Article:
Europe Daily Snow

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Big Storm Incoming for the Southeastern Alps, Over 60-90 cms Expected


Snow has been falling off and on for the last several days. Anywhere from 15 to as much as 25 cms have fallen in the Alps the last five days, with the greatest amounts in the French Alps. The biggest storm in this series will get started on Monday evening, where over 90 cms could fall near the Italy/Austria/Slovenia border.

Short Term Forecast

A strong and wet storm will impact the Alps and Pyrenees this week, with impressive snow totals over 70-90 cms at upper elevations. There is plenty of moisture and cold air, so snow levels should be around 1200m and remain below the base elevations of most resorts. Beyond this big dump, a small storm will bring additional snow during the later part of the week.

Forecast for Monday 11/21 - Tuesday 11/22

A strong upper level low pressure system will move through Europe from Monday night through Wednesday this week. This storm has all the ingredients for a significant snow event; ample moisture, cold temperatures, and strong lift. In order for any precipitation to fall, we need some atmospheric mechanisms to create rising motion. When moist air rises, it cools, and then condenses into clouds. Once that happens enough, rain and snow falls out of the clouds. This storm is getting lift from two different places; from the strength of the storm itself, and from Southerly winds pushing up against the mountains. This is with the southern side of the Alps, near the Italy/Austria/Slovenia border will see the most snow from this storm. As the storm moves east, the winds will shift to the north, and allow for the northern side of the Austrian helps to get some additional snow too. 

Alright, enough of that technical stuff, hopefully a few of the readers appreciated that. First, here is a look at temperatures across the region for Tuesday. You can see things are colder than normal, and plenty cold for good density snow.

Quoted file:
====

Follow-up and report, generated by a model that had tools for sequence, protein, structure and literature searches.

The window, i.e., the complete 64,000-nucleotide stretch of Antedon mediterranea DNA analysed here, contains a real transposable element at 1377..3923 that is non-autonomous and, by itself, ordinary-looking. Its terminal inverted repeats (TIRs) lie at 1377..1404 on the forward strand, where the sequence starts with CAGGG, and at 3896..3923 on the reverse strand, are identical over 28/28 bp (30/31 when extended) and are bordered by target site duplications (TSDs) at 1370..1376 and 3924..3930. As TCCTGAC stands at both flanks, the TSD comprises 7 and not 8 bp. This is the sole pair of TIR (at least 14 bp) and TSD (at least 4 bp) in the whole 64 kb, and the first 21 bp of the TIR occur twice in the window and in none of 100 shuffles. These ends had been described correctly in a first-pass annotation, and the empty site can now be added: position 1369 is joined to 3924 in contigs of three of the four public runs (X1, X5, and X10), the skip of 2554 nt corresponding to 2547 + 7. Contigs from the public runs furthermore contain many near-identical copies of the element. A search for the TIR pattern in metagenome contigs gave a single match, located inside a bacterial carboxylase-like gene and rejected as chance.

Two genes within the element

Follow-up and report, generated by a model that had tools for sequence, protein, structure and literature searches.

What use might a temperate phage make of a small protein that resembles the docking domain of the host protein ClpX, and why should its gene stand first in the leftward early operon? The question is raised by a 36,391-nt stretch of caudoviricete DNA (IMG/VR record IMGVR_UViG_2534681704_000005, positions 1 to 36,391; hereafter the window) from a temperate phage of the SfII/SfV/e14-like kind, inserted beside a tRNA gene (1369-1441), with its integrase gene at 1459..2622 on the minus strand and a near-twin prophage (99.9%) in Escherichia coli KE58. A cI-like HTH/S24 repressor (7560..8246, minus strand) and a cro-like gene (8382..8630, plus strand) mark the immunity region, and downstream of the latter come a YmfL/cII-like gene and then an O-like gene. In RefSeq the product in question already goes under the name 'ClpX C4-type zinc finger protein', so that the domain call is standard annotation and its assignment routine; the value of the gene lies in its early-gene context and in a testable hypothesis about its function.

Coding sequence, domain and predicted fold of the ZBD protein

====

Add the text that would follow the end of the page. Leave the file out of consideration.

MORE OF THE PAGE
Now, onto snow totals. First, let's look at the three day storm total from this event. The deepest amounts are highlighted in the bold black circle in the southeastern Alps.

During the early part of the storm, when the winds are out of the south, the southern side of the Alps will do best, as seen in the images below. First, you can see the wind direction coming from the south.

As a result of these winds, the snow will be more focused to the southern aide of the range.

On Tuesday night, the winds begin to shift, as shown below.

This shift will cause the northern side of the eastern Alps to receive more heavy snow, as seen below. 

Potential accumulations by elevation are below:

Southeastern Alps

  • > 2500m: 70-90 cms
  • 2000-2500m: 50-70 cms
  • 1500-2000m: 40-60 cms
  • <1500m: 30-50 cms

These are some impressive totals! Remember these are the totals for the bold circle in the first snow map above. As you move farther north and west in the alps, totals will be considerably less. The northern side of the eastern Alps will likely top out around 60 cms, with lesser totals at lower elevations. The western side of the Alps should get a good dump too, with around 45 cms at the upper elevations.

Forecast for Wednesday 11/23 - Thursday 11/24

The next storm comes in right on the heels of the last one. The flakes should start flying again by midday Wednesday. Some warmer air will have moved in after the last storm, so snow levels will be a bit higher this time. This is also a much smaller storm, with totals in the 15-25 cm range at the higher elevations, and less below. Check out the snow map below.

Extended Forecast

Outlook for Friday 11/25 - Tuesday 11/29

Chances for light snow will remain through the weekend of the 25th, with minor accumulations. By the early part of the following week, things start to dry out a bit. A ridge will move in overhead and likely keep things dry through the first few days of December.

Thanks again for reading the forecast. This major storm will really help the mountains in this region. Follow me @lstone84 on Instagram to track and chase storms all Winter long!